The ninth Series of Unfortunate Events book forces the Baudelaire children to start to question whether they are as bad as the terrible Count Olaf as they take drastic measures to try to hide from their enemy, as well as gain information about their potentially still alive parents. The children are forced to dress up in disguise and work in a carnival right under Olaf’s nose. But there is someone in the Carnival who might just be able to help them. Bad guys are good guys and good guys are bad guys and anyone can turn seems to be the enduring story of the Baudelaire’s children tragic childhood. The ending of this one is quite sad and a little scary – I feel these books are getting less and less kid-level. Either way, I’m increasingly finding myself getting into them now.

33 / 50 books. 66% done!

11759 / 15000 pages. 78% done!

Book 34: Sex Drive: In pursuit of female desire by Dr Bella Ellwood-Clayton – 312 pages

Description from
For many women an active sex life is on the bottom of their 'to do' list. Is women's sexual desire in the Western world at an all time low? Australia's most popular sexual anthropologist investigates.

Despite this book’s title, it is far from titillating (despite the many comments I got when it came up on my facebook while I was reading it). My interpretation was that this book was supposed to look at why women apparently don’t want sex. It did do that, but perhaps not quite in the sociological/anthropological mindset I was expecting. It’s less about gender studies and more about what drugs to not take if one is feeling a little less than spicy. I found it really dull, and personally wouldn’t recommend it unless you were specifically looking at the issue from the prescribing of drugs perspective.

34 / 50 books. 68% done!

12071 / 15000 pages. 80% done!

Currently reading:
-        Hard Choices by Hillary Rodham Clinton – 596 pages
-        Bones Never Lie by Kathy Reichs – 331 pages
-        The Queen of Zombie Hearts by Gena Showalter – 442 pages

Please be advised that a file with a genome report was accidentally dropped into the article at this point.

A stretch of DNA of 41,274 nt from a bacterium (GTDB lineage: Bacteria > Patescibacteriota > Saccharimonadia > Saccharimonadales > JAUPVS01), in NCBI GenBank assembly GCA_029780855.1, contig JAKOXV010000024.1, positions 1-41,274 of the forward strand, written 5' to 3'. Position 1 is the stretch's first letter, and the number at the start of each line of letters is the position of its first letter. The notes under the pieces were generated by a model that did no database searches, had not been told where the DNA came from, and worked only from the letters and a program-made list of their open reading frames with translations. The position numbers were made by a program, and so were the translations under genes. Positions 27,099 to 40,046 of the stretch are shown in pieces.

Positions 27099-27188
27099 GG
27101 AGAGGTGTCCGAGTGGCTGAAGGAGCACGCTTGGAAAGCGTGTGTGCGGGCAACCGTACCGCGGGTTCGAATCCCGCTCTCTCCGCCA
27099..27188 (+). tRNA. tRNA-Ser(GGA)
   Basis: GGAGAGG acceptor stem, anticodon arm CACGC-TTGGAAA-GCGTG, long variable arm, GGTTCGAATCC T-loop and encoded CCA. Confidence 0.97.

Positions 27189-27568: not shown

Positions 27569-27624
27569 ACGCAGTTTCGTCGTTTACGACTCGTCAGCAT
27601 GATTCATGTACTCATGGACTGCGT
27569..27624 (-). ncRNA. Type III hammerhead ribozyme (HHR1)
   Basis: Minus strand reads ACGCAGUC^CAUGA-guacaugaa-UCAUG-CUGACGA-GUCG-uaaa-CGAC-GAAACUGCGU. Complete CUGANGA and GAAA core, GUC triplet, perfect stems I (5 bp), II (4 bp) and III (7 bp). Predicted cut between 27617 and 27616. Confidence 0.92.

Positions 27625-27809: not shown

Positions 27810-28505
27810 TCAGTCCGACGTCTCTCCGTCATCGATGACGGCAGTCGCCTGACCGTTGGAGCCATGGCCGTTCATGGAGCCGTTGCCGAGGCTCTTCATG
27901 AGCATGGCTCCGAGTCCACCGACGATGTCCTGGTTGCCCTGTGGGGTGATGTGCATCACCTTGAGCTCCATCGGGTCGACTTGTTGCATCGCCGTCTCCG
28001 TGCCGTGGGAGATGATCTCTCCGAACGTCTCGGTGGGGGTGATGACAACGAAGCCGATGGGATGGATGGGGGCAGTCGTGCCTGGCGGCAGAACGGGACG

And coming up:
-        The Second Chronicles of Thomas Covenant: Volume 3: White Gold Wielder by Stephen Donaldson – 500 pages
-        The Odyssey by Homer – 324 pages
-        One for the Money by Janet Evanovich – 290 pages
Enormous Smallness, by Matthew Burgess, illustrated by Kris Di Giacomo
The narration and the artwork combine to give a really stunning portrait of e.e. cumming's life - best suited for an 8- or 9-year-old kid, I think.

Silly Sally, by Audrey Wood
A fun, slight, exuberant book for littler kids. The art is the best part.

Forever Friends, by Carin Berger
The art is the best part of this littler kids' book, sweet and odd.

Wombat Walkabout, by Carol Diggory Shields, illustrated by Sophie Blackall
An absolutely splendid and engaging prey vs. predator story, with art that matches it. <3.

Don't Sleep, There Are Snakes, by Daniel L. Everett
This was kind of dry and linguistics-professor-y by times, but you know? Guy is a linguistics professor, so that is ok. The story parts were fascinating and the linguistics parts were pretty neat too.

Copper, by Kazuo Kibuishi
I started reading this months ago! It is very very good and inextricably wound up for me as "one of my friend N's favorite books", which just made it better.

Yay, You!, by Sandra Boynton
Charming paen to taking the next step, for grown ups. Is not as good as her kids' books, I don't think.

Ah-Ha to Zig-Zag, by Maira Kalman
Idiosyncratic and beautiful alphabet book, all illustrations based on objects from the Cooper Hewitt. Like almost any Maira Kalman books, there were a few pages I was tempted to put up on the walls.
Meet Denver, a man raised under plantation-style slavery in Louisiana in the 1960s; a man who escaped, hopping a train to wander, homeless, for eighteen years on the streets of Dallas, Texas. No longer a slave, Denver's life was still hopeless—until God moved. First came a godly woman who prayed, listened, and obeyed. And then came her husband, Ron, an international arts dealer at home in a world of Armani-suited millionaires. And then they all came together.

But slavery takes many forms. Deborah discovers that she has cancer. In the face of possible death, she charges her husband to rescue Denver. Who will be saved, and who will be lost? What is the future for these unlikely three? What is God doing?